New education initiative to grade schools’ data

From periodic student assessments, to hourly attendance, K-12 schools generate a tremendous amount of raw data, yet many schools rarely use that data to its fullest potential, Tyler Technologies’ Mark Rigsby said in an interview with CivSource last week.

Last month, the Obama administration announced a $4.3 billion education reform initiative called Race to the Top. Grants will be awarded to those states that use specific reforms to close historic achievement gaps and get more high school graduates into college. Among the initiative’s more granular requirements, states must create a comprehensive data system that can track student progress from pre-school to grad school, and all points in-between.

Earlier this year, the Department of Education released a document (.doc) describing how schools could use Recovery Act funds to drive school reform and improvement through technology. “At the heart of improving schools and school districts are systems to gather and analyze data and provide feedback to educators, students, families, and the community in order to improve student and teacher performance continuously,” the document says, underscoring the importance of utilizing available technology.

School districts have, “data running out their ears,” says Mark Rigsby, President of Tyler Pulse, a division of Dallas-based Tyler Technologies. From periodic student assessments, to hourly attendance, K-12 schools generate a tremendous amount of raw data, yet many schools rarely use that data to its fullest potential, Mr. Rigsby said in an interview with CivSource last week. Unfortunately, many school districts lack the kind of technology and processes that could easily transform and re-purpose that data to give teachers and administrators a complete view of their students’ performance.

Earlier this year, Tyler Technologies acquired PulseMark which developed data warehouse technology intended to help education and government institutions aggregate raw data to aid in information-based decision making. Now, under the Tyler Pulse or District Pulse moniker, Mr. Rigsby and his team are helping school districts manage student assessments, look at how they learn, and more importantly, look at how assessments differ by classroom, teacher, gender, and ethnicity to find trends and make informed decisions.

“When we built out the solution, we knew there were uses for cities, counties and school districts,” Rigsby said, “What we found was that cities and counties had problems managing their data, but school districts were terminal – the need was so deep in schools that we focused solely on that.”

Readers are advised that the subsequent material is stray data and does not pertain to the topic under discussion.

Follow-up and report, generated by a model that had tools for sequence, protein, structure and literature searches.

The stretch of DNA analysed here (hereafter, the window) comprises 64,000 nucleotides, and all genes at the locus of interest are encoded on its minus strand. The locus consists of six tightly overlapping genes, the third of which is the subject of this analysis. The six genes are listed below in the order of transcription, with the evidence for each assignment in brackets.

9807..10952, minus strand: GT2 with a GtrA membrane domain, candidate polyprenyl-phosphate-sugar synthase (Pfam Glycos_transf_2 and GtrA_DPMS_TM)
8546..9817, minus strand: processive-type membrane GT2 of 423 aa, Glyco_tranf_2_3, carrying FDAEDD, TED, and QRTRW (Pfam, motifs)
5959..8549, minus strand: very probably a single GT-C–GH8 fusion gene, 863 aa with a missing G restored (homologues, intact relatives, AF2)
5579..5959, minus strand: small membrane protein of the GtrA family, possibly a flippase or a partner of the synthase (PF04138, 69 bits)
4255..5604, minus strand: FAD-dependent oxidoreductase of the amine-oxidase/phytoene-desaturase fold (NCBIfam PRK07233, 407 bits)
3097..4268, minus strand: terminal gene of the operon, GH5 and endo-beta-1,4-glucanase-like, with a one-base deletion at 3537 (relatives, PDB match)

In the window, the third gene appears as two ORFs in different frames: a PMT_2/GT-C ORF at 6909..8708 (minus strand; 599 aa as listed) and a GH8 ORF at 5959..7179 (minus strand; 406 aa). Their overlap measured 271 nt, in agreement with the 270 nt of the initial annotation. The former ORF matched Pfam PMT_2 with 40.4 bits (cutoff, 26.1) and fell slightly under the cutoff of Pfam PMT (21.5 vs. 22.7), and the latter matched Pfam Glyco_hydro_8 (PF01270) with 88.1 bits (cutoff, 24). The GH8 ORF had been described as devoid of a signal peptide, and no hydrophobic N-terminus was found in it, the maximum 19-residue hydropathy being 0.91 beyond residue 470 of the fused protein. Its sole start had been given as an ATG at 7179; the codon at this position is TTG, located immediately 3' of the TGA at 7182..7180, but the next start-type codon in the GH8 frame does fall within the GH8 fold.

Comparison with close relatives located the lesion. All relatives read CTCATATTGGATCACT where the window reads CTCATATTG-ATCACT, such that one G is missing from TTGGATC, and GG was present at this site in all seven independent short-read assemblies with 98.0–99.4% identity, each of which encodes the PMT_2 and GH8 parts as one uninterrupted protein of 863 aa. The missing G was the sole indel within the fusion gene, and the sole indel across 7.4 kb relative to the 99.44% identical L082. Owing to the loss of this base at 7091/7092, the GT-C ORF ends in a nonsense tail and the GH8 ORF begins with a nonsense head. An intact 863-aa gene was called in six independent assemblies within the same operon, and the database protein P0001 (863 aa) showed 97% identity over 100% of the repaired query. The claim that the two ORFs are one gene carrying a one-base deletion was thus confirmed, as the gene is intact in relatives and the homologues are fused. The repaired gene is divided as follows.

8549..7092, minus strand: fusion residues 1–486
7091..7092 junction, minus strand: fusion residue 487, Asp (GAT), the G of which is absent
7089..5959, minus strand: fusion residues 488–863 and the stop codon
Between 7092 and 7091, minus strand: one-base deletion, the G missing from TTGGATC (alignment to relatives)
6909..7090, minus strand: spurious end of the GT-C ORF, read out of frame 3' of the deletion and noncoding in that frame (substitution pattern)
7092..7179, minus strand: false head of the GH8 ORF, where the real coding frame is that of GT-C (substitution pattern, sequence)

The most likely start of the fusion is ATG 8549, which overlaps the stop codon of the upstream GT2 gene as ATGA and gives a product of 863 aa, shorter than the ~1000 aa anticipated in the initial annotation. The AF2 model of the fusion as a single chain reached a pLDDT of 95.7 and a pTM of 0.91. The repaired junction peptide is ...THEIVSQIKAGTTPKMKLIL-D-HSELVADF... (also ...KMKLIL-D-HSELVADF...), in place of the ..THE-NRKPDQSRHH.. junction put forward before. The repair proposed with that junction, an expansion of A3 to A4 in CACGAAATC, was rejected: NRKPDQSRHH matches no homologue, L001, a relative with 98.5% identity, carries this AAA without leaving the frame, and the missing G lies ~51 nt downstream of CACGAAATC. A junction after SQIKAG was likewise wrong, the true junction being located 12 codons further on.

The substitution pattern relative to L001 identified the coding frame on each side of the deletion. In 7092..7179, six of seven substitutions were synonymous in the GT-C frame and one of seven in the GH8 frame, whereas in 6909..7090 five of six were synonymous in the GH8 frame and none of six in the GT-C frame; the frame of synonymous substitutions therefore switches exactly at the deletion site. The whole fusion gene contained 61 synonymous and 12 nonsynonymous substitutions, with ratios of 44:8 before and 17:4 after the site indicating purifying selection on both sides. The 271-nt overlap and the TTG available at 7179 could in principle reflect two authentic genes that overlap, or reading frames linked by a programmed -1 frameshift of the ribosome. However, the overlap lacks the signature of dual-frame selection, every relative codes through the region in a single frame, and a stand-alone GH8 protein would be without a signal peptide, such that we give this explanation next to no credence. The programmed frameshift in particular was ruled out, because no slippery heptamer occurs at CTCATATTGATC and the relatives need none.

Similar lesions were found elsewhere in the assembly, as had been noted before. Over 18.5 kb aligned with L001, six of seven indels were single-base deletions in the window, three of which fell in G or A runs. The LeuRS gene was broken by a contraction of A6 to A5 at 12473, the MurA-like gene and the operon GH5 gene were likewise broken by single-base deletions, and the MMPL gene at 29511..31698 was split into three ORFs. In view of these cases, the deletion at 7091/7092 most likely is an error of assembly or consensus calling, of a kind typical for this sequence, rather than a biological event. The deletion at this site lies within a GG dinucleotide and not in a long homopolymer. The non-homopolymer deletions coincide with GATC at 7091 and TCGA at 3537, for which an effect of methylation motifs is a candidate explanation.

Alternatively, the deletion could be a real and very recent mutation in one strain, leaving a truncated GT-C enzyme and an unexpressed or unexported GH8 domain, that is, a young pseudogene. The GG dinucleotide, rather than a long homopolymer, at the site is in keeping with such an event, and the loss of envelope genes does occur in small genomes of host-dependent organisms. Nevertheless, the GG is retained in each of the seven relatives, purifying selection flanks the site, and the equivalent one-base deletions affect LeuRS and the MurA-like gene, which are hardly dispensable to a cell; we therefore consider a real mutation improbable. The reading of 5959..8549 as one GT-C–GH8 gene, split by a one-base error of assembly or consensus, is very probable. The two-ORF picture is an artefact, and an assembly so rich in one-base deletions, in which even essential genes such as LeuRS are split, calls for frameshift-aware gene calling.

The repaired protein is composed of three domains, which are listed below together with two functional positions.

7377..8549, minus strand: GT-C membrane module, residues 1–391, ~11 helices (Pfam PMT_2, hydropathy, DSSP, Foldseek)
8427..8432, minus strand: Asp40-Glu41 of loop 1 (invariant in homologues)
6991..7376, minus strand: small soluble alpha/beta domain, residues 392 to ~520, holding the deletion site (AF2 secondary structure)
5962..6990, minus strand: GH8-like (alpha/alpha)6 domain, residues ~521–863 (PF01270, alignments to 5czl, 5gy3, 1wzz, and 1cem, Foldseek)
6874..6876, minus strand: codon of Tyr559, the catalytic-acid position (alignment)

Tyler Pulse is designed to take data from all kinds of sources, including assessment data, student data, financial data and others and produce reports that give administrators a single-view of their districts. Instead of spending time collecting data, administrators can translate it into meaningful information, and then redistribute that information to users and other application systems, Rigsby explained.

tyler pulse

According to a recent survey by the Data Quality Campaign, a national group that works to improve the availability and use of high-quality education data to improve student achievement, states have made progress towards improving their longitudinal data systems in the last five years. Eleven states have met all “10 essential elements” as outlined by DQC and all 50 states have implemented at least five elements. But much work remains, including the ability track student-level course completion and transcript information, the ability to collect college readiness test scores and the capacity match teachers to students as they matriculate through the school system.

The benefits of using Tyler Pulse, Mr. Rigsby maintained, was the solution’s scalability and its price.

“The smallest district we’re in is 800 [students]. But one of our most recent projects was with the City of St. Louis schools – a much bigger, urban school district. And we’re cheap enough that we usually fit into discretionary funds. We almost never have to wait to the next budget year before we implement.”

According to Mr. Rigsby, the Pulse solution is approaching 50 school districts in Missouri, but the results coming from the City of St. Louis schools have been the most dramatic. St. Louis was the typical big district, with data everywhere – but they couldn’t get at it, or use their data for multiple purposes, Rigsby said. The schools were failing, the school board was dissolved and a state-appointed board was put in its place, with a new superintendent put in charge to change everything.

“In the ninety days we’ve been live, we’ve changed everything – they’re seeing information and watching assessments, looking at curriculum from a data-driven viewpoint,” he said. “It has already irrevocably changed how they do business in the district.”

Other school districts around the country will be looking to do the same in order to be competitive for the Race to the Top grants. California hopes to score $700 million next April, when awards are announced and Michigan thinks it may be able to receive $500 million. But the program has an extremely quick turn around, in relative terms.

“The time to pull the trigger is weeks. And most people working in that space are used to work in years. The program is forcing state governments to turn on a dime,” Rigsby said. Still, Race to the Top will help promote data warehousing and data management in education, he said, which will lead to better outcomes.

“The program really is making lot of impact in that area.”

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